by Robert Morrison
March 16, 2012
Historical interpreter Bill Barker returned to Annapolis last week for what he said was Mr. Jeffersons fifth visit to Marylands capital. The real Thomas Jefferson only came through four times. But in two hours, Barkers Mr. Jefferson character had us almost believing wed enjoyed the stimulating conversation of our former president. The role requires extensive study of the vast volume of writings about Thomas Jefferson and Bill Barker has mastered, it seems, all of it.
Without notes, without any props, or prompting, this Mr. Jefferson invited eight hundred Marylanders in the Key Auditorium of St. Johns College to imagine they lived in the world of 1812. It was a time when most humans traveled by foot—your own God-given two legs—at three miles per hour. The wealthy could afford horsesand they averaged four miles per hour.
Mr. Jefferson held forth on politics, his own eras and by sly inferences, our own. His election as president was not an easy thing in 1800. Under the Constitution as it was originally framed, the Electoral College selected the candidate receiving the highest number of Electoral Votes as president and the man with the second highest number as vice president. Provided, of course, that the presidential winner received a majority of the Electoral Votes cast.
In 1796, the first contested presidential election, the one to succeed the unanimously chosen George Washington, John Adams narrowly edged out Thomas Jefferson. They served, unevenly yoked, for four years.
In 1800, Jeffersons republican party was such a disciplined machine that it produced a tie in the Electoral College. President John Adams was defeated, that much was sure. Who would succeed him? Would it be Thomas Jefferson or his presumed running mate, Aaron Burr of New York. Burr could easily have settled the matter by stepping aside and urging his backers to stay with Jefferson. He didnt.
Our Jefferson character at the Key Auditorium related how the election of 1800 was then thrown into the House of Representatives. There, it required thirty-six ballots before Jefferson emerged victorious. Aaron Burr, for his finagling, earned the lasting distrust of all Jeffersonians.
Bill Barker spoke of this 1800 election and said that some at the time had suggested sending the contest to the Judiciary for decision. His audience roared with laughter as he asked, with a knowing aside: Who could ever come up with such an absurd notion?
I suspected then that our audience was filled with folks still sore at the outcome of Bush v. Gore in the U.S. Supreme Court. And I had to agree with Jefferson that the U.S. House of Representativesthat body closest to the peoplewould be the appropriate place to resolve such a contest. If only we could have gotten the election of 2000 to the House.
The question-and-answer period provided some new insights into the historical Thomas Jefferson. For example, I had not known that Jefferson recommended Benjamin Banneker to the builders of the new District of Columbia for employment. The reason this was significant is that Jefferson was taken to task in a polite but firm way by the inventor Banneker, a free black man, for some of his writings in his Notes on Virginia. In the only book he ever published, Thomas Jefferson advanced ideas of inferiority of black people to whites in some things. If some people today think white men cant jump, many whites then thought black men couldnt compute. Bannekers almanac and numerous inventions proved them wrong. Jefferson, to his credit, accepted Benjamin Bannekers rebuke with grace and even sent copies of the Banneker almanac on to his friends among the French scientific community.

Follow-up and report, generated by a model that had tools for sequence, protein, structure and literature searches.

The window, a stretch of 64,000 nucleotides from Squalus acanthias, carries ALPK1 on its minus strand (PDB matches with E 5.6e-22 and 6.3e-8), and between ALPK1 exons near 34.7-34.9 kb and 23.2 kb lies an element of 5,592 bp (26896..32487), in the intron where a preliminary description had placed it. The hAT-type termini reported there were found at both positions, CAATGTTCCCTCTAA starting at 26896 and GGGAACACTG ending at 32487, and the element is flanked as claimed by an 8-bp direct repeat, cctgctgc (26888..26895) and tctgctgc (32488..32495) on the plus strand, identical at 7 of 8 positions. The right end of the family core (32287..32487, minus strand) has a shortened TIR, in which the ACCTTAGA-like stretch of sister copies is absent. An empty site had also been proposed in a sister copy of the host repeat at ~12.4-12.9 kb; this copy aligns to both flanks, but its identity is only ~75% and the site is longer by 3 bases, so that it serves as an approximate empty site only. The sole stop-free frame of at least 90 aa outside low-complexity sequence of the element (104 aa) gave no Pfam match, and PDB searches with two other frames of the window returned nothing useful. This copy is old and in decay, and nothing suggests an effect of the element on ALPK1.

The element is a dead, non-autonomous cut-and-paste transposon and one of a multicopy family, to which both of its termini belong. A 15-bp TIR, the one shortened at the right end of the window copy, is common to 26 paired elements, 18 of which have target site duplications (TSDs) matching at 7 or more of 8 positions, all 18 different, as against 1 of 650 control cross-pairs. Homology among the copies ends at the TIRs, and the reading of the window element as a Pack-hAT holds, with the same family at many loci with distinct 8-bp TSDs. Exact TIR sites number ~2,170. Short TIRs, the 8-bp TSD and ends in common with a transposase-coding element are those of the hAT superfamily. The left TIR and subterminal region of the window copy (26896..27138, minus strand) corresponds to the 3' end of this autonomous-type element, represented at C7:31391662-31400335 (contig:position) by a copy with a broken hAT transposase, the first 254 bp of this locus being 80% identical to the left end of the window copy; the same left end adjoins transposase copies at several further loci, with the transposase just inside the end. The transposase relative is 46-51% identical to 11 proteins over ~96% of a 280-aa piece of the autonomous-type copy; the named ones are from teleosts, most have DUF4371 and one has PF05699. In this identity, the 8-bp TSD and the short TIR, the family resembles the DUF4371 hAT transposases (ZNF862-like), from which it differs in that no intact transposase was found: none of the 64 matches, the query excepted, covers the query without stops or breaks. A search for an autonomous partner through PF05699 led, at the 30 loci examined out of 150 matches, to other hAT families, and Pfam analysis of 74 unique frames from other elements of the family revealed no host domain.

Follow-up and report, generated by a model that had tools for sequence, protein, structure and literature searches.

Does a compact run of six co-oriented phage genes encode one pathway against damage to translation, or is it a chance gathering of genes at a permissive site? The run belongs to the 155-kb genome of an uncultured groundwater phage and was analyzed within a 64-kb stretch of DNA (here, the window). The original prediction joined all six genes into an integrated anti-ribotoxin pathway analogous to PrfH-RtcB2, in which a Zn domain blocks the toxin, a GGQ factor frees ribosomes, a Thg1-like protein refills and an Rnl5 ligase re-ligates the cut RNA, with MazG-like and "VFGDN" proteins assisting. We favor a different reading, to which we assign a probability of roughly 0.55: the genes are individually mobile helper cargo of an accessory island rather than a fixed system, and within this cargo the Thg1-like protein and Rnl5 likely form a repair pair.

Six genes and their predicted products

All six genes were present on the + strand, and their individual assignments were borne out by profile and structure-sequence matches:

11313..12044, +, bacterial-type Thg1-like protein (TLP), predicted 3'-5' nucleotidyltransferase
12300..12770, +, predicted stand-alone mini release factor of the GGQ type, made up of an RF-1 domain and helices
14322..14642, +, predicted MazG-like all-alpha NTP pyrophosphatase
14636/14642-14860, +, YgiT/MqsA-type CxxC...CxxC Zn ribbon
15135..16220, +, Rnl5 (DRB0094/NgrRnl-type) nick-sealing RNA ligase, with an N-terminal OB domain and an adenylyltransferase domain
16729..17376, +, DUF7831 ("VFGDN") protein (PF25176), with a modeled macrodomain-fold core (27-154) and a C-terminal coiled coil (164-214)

Before we yell racist at Jefferson, we need to recall that some famous French philosophes thought all Americansblack, white, and Indianwere inferior, and even of smaller stature. Jefferson in Paris had refuted that notion by inviting the Americans at his dinner table to standall of the men were over six feet talland then asking their French guests to stand; each of the Frenchmen was considerably shorter.
A predictable question in this navy town was about Jeffersons decision as president to beach most of the fleet. He didnt back down, saying that he opposed standing armies and navies and thought they might even lead to builders of ships and arms combining to influence government. Imagine that: A military-industrial complex warned against one hundred fifty years before President Eisenhowers Farewell Address.
Mr. Jefferson did claim credit for sending the U.S. Navy and Marines against the Barbary Pirates. He was unwilling to pay tribute to these Muslim kidnapers and hostage takers.
But as soon as our Marines had taken the fight to the shores of Tripoli, and won, Jefferson brought them home again. He was not willing to engage in nation-building in Muslim lands. Thats worth considering. Might that prove too costly?
When we lived at the Naval Academy fourteen years ago, Bill Barker was a guest in our home overnight on New Years Eve. I remember teasing himslightly, for he is never really out of charactersaying he had every one of Mr. Jeffersons mannerisms and traits mastered except one.
Somewhat taken aback, Bill Barker asked what that was. You have a sense of humor, I replied. Thats because in fifty years of studying Jefferson, I had never read a joke attributed to the Sage of Monticello. Now, I think I was wrong. Because Mr. Jefferson never wrote anything funny does not mean he did not share witty asides in conversation, or that he did not fully appreciate wit in others. That counts as humor, too.
Bravo, Mr. Jefferson!